Scientists and animal husbandry professionals usually have little trouble distinguishing male rattlesnakes from females -- a technique called probing allows them to positively discern a rattlesnake's gender. Unfortunately, this is a "hands-on" technique for pros only. Rattlesnakes are potentially deadly animals who should not be touched, so probing is not an appropriate means of determining gender among rattlesnakes for the everyday nature lover.
To probe a rattlesnake, two scientists or handlers are necessary; one person must restrain the snake's head while the other executes the probing procedure. A lubricated stainless steel probe is inserted into the cloaca of a rattlesnake. If the probe penetrates deeply, it indicates a male snake; a probe that penetrates only a short distance is a female.
Subjective and Subtle Characters
Male rattlesnakes have longer tails than females do. But this is a subjective criterion: It takes considerable experience to distinguish the differences in tail length of rattlesnakes. Male rattlesnakes grow to larger sizes than females do, but this is a valid criterion for judging the gender of mature snakes.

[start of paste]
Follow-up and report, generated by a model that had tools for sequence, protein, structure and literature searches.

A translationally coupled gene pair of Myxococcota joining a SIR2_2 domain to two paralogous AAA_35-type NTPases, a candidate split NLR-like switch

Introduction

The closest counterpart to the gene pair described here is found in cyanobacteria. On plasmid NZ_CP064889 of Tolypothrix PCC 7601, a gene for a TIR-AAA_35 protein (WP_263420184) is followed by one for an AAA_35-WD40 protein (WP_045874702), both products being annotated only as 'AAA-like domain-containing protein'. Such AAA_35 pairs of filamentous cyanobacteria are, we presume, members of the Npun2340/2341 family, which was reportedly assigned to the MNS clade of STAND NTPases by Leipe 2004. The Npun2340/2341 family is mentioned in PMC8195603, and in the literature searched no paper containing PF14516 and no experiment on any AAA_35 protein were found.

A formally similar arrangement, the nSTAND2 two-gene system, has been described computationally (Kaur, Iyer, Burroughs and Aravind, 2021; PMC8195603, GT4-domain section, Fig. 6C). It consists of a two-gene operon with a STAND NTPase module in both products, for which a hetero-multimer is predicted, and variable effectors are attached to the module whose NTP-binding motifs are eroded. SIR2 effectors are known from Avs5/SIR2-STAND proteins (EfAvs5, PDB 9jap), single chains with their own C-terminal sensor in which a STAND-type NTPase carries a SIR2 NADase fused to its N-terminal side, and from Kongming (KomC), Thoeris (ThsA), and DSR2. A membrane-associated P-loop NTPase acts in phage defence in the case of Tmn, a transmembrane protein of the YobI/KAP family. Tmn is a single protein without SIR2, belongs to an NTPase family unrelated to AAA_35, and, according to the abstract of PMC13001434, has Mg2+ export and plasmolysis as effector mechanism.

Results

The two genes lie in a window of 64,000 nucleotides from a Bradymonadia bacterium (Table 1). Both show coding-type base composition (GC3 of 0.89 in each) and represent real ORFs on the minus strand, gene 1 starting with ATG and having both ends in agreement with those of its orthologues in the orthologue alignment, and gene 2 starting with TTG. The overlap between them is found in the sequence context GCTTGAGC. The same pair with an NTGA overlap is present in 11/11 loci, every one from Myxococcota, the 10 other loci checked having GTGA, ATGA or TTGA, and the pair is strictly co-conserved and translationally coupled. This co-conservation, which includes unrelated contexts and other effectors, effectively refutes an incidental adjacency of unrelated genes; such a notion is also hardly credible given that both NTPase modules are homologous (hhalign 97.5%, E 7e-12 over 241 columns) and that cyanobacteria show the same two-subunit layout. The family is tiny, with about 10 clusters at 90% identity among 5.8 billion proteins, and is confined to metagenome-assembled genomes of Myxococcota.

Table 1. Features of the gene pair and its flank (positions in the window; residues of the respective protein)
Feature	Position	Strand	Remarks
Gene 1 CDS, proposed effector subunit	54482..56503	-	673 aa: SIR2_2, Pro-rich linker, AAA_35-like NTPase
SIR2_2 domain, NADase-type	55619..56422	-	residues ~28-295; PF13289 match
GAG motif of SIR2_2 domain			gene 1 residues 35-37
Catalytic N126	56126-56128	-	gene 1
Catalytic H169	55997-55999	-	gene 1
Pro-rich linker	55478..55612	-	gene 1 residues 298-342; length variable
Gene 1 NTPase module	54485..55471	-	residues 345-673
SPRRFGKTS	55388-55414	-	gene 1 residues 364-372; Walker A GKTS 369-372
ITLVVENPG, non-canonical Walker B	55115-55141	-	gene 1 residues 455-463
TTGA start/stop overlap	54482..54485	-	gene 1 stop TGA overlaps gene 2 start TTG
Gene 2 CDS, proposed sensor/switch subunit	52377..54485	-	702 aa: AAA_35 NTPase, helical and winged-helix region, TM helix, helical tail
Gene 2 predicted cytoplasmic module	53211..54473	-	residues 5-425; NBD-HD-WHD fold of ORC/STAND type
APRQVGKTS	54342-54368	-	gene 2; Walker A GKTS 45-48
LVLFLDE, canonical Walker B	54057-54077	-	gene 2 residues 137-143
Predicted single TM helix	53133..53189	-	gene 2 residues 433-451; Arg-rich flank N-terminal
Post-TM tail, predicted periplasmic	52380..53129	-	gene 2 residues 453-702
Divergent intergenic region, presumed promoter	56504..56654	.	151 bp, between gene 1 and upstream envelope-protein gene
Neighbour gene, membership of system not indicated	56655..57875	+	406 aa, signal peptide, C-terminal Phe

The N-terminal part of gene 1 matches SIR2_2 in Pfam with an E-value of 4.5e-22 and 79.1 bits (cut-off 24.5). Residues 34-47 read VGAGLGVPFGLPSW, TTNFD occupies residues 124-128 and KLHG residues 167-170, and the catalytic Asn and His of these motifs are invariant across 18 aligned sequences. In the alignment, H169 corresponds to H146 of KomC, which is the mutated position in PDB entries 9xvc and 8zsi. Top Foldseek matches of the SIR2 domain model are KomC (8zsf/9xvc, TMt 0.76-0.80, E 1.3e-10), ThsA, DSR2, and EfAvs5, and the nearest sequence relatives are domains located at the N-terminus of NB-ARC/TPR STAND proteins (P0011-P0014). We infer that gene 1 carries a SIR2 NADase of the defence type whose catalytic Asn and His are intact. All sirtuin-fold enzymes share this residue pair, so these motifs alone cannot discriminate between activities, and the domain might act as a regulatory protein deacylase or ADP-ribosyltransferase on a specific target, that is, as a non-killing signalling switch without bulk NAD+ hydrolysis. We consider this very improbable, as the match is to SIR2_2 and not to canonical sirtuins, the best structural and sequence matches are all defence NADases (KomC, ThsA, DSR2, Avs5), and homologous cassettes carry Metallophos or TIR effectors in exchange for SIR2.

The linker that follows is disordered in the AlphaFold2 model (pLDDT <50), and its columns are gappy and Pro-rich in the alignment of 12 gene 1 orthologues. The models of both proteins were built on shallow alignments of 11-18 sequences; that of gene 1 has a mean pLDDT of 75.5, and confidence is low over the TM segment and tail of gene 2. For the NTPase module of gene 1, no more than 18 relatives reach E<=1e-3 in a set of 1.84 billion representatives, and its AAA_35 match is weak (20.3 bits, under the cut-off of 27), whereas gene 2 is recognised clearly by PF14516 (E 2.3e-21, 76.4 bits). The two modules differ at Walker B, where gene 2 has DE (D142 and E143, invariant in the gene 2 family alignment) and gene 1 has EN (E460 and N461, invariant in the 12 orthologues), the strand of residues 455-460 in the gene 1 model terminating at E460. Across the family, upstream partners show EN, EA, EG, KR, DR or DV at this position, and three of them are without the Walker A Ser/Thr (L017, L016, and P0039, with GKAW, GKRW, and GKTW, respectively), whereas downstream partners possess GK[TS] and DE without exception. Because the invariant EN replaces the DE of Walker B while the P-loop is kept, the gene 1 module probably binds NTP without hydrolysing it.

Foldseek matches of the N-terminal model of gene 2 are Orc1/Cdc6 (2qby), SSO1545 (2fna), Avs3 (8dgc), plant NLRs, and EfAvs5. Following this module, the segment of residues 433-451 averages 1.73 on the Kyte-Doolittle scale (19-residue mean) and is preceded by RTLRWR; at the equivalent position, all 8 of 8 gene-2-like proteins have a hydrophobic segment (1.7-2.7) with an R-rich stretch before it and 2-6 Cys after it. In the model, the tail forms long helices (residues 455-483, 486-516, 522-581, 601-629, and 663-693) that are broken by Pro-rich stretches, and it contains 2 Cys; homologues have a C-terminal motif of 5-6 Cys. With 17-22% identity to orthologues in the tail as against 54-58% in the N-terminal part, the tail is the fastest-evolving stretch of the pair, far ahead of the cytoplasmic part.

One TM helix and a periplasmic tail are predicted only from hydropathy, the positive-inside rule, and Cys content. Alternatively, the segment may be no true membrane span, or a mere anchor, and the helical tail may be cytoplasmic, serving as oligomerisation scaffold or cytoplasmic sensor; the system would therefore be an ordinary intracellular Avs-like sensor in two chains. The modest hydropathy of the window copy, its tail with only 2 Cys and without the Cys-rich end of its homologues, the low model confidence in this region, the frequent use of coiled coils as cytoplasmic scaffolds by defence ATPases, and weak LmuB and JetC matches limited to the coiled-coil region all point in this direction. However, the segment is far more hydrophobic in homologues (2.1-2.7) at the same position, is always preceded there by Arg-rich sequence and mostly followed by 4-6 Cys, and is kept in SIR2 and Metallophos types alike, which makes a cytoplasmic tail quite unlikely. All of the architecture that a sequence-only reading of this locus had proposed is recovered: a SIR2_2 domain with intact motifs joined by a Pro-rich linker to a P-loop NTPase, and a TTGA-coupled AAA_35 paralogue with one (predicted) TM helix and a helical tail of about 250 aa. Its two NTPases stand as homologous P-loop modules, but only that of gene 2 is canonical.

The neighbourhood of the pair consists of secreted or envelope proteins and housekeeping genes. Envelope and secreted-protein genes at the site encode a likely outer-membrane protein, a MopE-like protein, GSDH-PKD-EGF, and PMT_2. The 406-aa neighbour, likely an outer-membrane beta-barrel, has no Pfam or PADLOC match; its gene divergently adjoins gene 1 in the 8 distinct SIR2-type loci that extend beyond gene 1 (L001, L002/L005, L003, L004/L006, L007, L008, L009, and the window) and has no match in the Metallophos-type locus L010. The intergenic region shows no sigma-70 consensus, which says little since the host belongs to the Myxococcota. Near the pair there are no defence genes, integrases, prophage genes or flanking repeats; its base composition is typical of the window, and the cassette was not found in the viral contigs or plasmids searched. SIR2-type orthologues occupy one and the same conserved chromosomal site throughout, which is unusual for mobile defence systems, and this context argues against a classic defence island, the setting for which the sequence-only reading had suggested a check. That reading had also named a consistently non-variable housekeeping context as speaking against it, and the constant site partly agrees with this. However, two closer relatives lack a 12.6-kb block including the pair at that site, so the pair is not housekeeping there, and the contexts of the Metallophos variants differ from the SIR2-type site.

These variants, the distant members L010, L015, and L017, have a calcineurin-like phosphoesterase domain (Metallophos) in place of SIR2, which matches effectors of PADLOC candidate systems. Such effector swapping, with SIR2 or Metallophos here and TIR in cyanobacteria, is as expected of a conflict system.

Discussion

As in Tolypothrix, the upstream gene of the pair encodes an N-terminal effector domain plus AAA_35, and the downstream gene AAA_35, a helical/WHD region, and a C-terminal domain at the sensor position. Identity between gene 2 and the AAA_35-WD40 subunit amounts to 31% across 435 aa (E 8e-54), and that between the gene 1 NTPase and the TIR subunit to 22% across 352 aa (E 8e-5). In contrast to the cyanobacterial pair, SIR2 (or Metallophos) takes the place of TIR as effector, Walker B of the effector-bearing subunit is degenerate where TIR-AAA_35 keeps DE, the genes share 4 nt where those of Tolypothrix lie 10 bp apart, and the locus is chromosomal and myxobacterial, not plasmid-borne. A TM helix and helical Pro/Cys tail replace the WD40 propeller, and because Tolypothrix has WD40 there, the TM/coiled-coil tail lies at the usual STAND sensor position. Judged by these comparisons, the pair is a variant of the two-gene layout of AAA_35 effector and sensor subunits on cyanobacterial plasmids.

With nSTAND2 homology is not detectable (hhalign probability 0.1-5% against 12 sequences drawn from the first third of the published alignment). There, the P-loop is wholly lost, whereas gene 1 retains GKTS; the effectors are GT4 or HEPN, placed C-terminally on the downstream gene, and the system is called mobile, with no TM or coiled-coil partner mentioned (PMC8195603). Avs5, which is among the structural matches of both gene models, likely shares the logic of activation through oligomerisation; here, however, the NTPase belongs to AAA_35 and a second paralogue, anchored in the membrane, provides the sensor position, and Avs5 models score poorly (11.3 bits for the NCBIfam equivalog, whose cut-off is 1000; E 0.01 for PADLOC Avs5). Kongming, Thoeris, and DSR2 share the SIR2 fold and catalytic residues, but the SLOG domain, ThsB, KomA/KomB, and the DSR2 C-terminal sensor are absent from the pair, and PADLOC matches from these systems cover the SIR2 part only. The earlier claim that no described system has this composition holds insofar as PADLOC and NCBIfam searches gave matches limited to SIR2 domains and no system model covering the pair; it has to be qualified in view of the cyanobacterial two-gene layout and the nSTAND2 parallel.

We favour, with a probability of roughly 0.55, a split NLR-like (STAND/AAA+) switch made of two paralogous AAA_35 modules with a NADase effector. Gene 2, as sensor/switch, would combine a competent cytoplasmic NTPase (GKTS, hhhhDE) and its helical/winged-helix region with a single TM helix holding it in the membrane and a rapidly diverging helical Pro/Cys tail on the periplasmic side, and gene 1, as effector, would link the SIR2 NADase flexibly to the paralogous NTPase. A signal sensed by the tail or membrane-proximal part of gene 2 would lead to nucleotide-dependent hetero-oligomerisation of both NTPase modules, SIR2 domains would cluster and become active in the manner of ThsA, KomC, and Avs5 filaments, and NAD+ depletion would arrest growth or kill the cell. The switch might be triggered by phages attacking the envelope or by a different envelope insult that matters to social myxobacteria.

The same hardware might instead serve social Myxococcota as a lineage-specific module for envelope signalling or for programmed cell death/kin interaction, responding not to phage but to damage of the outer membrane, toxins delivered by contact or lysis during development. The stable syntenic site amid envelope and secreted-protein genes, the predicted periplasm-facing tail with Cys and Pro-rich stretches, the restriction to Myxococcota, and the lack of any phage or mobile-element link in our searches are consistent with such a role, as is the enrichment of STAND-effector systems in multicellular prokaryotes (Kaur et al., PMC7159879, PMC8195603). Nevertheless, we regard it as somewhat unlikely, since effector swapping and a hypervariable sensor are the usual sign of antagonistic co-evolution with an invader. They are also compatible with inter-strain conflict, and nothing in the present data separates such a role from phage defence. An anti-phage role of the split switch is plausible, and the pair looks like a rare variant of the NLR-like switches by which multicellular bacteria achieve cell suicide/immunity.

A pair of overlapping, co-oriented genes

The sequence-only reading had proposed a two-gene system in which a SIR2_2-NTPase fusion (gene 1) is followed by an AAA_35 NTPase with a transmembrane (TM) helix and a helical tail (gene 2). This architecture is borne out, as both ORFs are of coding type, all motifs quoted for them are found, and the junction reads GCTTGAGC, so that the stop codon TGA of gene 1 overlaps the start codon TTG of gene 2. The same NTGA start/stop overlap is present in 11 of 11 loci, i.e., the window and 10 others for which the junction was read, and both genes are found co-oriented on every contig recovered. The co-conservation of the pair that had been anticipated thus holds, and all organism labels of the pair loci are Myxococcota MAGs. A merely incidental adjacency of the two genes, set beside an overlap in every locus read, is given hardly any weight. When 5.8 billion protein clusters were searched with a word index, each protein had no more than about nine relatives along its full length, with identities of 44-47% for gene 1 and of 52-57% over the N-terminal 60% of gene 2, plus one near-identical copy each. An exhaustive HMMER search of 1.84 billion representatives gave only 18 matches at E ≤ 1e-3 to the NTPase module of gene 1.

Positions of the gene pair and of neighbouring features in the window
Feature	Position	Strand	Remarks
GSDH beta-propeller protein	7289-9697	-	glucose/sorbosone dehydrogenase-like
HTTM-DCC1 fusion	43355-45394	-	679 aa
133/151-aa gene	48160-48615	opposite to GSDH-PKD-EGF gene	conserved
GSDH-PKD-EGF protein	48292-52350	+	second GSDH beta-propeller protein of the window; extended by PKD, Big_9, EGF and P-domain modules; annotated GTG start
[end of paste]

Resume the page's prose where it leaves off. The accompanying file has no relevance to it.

You can determine the gender of two particular rattlesnake species by observing their coloring. Male banded rock rattlesnakes (Crotalus lepidus klauberi) have a green ground color topped with dark crossbars, and females have gray ground color. Prairie rattlesnake males typically have more black rings around their tails than females do, but there is broad overlap in the numbers, limiting its effectiveness as a gender revealer in all but specimens at the extremes of the range.